MILITARY HISTORY ONLINE

User:  
Password:  
 
 General Military History
Message
Sanddoc
Torrance CA USA
Posts: 5
Joined: 2021
Naval Ranks
2/9/2021 4:18:45 PM

I know this subject will have limited appeal, but it has been on my mind
From 1939 to the end of 1941 if my memory serves me, there were only 5 vice admirals in the Pacific
William F. Halsey was senior in that group.
In Nov 1942, by act of congress he was promoted to full admiral
Now I was just reading on wikpedia the list of "admirals"
But there is a difference as most of the listed Admirals were at one time or another on Temporary promotion
to the grade full Admiral. There were at that time 4 or 5 Billets that required a full Admiral
CNO, Commander Atlantic fleet, Commander Pacific Fleet, Commander Asiatic Fleet.
usually these were one year commands.
Take the case of Husband Kimmel, in 1940 he is listed as rear Admiral, In Jan. 1941 he is listed as
Admiral (full), on removal in mid Dec. 1941 he reverted back to his rank as rear admiral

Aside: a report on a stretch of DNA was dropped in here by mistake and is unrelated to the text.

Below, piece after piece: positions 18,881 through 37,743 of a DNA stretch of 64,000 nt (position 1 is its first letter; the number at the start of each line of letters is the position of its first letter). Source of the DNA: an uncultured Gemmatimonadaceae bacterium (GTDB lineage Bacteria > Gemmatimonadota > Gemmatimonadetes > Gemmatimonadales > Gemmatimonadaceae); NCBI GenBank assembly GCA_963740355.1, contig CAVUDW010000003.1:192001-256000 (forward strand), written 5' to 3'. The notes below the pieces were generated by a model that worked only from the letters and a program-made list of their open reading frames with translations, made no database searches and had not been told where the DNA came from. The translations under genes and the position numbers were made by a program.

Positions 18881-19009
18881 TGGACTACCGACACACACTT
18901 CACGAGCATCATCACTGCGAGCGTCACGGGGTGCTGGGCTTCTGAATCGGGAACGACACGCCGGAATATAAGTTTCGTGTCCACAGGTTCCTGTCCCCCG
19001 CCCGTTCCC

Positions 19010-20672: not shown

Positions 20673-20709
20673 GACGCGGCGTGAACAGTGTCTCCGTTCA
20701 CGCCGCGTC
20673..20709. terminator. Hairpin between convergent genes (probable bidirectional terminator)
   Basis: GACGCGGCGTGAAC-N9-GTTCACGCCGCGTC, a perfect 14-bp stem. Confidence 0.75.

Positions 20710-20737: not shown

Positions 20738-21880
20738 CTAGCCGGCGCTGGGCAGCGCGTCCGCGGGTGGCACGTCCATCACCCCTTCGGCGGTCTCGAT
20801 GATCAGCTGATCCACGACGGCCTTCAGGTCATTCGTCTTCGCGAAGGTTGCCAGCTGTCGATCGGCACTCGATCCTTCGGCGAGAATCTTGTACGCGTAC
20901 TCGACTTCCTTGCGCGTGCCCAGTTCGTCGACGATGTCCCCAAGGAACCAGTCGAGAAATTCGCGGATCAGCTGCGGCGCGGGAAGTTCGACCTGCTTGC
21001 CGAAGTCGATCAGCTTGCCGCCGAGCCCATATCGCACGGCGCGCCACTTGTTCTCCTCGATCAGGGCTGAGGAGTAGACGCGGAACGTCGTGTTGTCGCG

The appointed of Chester Nimitz to that command promoted him 2 grades, from rear admiral to Admiral...
So really when wikpedia talks about US Navy Admirals, the page is misleading .
I have only found William F. Halsey to have been promoted into the Rank of full Admiral
Now I am not talking about "Fleet" Admiral all four fleet Admirals were promoted by act of congress
until then except of Halsey they were in a temporary command..
Does anyone of any input to this?

R Leonard
Richmond VA USA
Posts: 27
Joined: 2005
Naval Ranks
2/28/2021 8:53:03 PM
In USN service, all ranks above Rear Admiral were/are temporary according to the billet. Promotions come from the executive branch, i.e., the President (Commander in Chief) recommends with flag ranks requiring the consent of the Senate, not the entire Congress.

For example, when Halsey was promoted to Vice Admiral, in his capacity as ComAirBatFor on 13 Jun 1940, his permanent rank was Rear Admiral. When he was promoted to Admiral on 18 Nov 1942, his permanent rank was still Rear Admiral. Same things happened in the US Army and the US Marine Corps and since 1948, the Air Force. The highest permanent rank one can achieve is Major General or Rear Admiral; anything above that is a temporary rank that goes with the assignment.